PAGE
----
Q

Should USB token data be copied to a hidden directory called 'IEDW?'

If the data from your USB token is being copied into a hidden directory called "IEDW," be extra cautious. Whether spyware is the root of the problem or not, security threat expert Ed Skoudis explains why it's certainly a cause for concern.

Whenever I insert my pen drive in a USB port to take a printout of a required document, I find that the entire contents of the pen drive have been copied to a hidden directory named "IEDW" located in winddowssystem32 directory. This is the same case as when I use a CD-ROM drive on my PC. Is this an indication of spyware?
It's unclear if this is spyware, but it is certainly a cause for concern. There are reports of a Trojan horse backdoor that uses a directory with this name. There is no mention, however, of it copying the stuff from a USB token or CD. The name iedw usually refers to an element of Internet Explorer. But in a normal Windows system, there should be a file called iedw.exe, not a folder. While there is a history of some malware calling itself iedw.exe, I have seen nothing that uses this as a directory name.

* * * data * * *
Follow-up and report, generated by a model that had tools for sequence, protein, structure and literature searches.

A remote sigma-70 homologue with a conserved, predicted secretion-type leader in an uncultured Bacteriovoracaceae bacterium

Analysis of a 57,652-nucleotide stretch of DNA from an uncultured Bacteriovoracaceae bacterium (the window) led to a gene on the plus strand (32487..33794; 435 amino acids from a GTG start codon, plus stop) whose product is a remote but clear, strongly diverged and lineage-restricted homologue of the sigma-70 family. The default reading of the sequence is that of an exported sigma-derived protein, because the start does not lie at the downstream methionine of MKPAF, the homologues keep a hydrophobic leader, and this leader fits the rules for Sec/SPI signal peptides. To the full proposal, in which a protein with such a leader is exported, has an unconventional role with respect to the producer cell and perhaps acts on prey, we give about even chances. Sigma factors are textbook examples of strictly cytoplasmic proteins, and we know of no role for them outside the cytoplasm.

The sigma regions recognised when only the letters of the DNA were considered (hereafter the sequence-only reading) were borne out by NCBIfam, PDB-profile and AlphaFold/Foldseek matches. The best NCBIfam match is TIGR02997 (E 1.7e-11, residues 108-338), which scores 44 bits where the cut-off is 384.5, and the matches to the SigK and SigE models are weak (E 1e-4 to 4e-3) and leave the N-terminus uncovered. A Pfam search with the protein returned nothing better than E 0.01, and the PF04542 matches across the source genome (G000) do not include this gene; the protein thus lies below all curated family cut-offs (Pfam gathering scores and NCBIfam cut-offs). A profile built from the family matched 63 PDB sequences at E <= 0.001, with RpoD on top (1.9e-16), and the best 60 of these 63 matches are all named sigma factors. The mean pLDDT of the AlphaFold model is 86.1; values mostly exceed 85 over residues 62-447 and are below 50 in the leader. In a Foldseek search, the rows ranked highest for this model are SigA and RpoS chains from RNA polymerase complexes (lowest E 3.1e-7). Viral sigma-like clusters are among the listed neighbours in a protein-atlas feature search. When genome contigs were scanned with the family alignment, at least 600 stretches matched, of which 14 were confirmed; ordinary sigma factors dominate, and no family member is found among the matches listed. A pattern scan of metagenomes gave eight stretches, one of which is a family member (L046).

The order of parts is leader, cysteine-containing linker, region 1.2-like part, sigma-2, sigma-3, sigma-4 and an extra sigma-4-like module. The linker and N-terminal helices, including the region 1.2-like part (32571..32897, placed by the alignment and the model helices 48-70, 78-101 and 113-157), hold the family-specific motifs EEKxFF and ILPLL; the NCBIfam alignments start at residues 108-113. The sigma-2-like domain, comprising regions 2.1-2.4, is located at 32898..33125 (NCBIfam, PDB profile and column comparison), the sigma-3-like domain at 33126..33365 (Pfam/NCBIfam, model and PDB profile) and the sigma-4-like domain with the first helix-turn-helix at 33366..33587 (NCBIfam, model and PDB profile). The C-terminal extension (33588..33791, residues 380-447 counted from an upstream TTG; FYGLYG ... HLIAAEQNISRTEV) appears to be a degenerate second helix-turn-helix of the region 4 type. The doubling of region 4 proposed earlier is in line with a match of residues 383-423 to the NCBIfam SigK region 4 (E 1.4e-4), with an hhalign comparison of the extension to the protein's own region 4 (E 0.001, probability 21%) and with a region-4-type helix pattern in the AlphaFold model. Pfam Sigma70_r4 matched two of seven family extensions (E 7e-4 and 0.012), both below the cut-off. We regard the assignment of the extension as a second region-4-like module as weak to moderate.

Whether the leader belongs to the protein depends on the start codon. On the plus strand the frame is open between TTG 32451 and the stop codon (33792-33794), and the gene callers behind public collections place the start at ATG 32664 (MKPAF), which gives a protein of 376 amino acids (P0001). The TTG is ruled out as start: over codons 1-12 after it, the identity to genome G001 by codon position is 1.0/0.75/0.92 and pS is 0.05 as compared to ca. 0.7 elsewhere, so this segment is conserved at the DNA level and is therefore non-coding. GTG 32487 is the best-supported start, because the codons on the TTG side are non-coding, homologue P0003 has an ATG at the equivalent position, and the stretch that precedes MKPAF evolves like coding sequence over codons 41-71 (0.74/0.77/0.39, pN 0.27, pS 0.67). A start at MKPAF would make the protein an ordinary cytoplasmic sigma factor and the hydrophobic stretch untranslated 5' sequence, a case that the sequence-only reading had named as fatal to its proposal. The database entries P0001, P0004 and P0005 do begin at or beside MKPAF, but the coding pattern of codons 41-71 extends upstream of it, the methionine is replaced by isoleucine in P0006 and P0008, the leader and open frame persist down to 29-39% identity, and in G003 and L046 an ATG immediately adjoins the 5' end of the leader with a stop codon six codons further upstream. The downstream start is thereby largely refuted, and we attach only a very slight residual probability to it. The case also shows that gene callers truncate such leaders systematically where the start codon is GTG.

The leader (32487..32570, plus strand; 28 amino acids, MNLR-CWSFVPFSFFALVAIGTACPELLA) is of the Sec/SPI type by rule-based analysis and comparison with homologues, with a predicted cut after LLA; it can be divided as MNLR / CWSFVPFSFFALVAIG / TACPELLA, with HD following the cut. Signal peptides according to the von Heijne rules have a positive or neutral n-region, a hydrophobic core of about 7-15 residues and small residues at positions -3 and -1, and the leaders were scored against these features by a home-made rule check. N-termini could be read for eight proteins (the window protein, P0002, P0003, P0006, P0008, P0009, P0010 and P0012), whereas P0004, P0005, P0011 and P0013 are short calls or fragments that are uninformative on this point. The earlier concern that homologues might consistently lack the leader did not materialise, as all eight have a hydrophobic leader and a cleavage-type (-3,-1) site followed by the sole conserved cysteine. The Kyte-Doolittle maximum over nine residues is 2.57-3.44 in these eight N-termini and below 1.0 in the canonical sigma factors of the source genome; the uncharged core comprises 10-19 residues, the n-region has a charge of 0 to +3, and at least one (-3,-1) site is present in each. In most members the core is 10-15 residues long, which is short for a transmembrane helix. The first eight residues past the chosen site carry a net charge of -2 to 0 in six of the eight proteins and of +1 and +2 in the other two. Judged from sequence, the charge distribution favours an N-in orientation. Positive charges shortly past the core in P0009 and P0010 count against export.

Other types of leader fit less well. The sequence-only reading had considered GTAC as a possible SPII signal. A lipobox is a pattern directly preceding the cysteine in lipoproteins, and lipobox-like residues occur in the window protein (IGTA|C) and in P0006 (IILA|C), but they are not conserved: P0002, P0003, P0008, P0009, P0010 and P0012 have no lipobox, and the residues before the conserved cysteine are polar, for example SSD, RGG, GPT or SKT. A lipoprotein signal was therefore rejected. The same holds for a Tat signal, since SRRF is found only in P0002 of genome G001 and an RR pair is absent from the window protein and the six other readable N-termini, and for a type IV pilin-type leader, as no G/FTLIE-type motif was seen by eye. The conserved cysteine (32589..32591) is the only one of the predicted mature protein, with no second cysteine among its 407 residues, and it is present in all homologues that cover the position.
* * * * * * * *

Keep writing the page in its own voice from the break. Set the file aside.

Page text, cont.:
Thus, I urge you to be extra cautious. Run a thorough antispyware and antivirus scan of your machine and the USB

token itself, preferably using two antispyware tools. Then, if everything still comes up clean, try using the USB token on another computer and see if the same thing happens. If it doesn't, I recommend a reinstall of Windows on the first computer.

More information:

  • Are USB drives a serious enterprise risk? Expert Michael Cobb sets the record straight.
  • Read a chapter on database Trojans.
  • This was first published in April 2007

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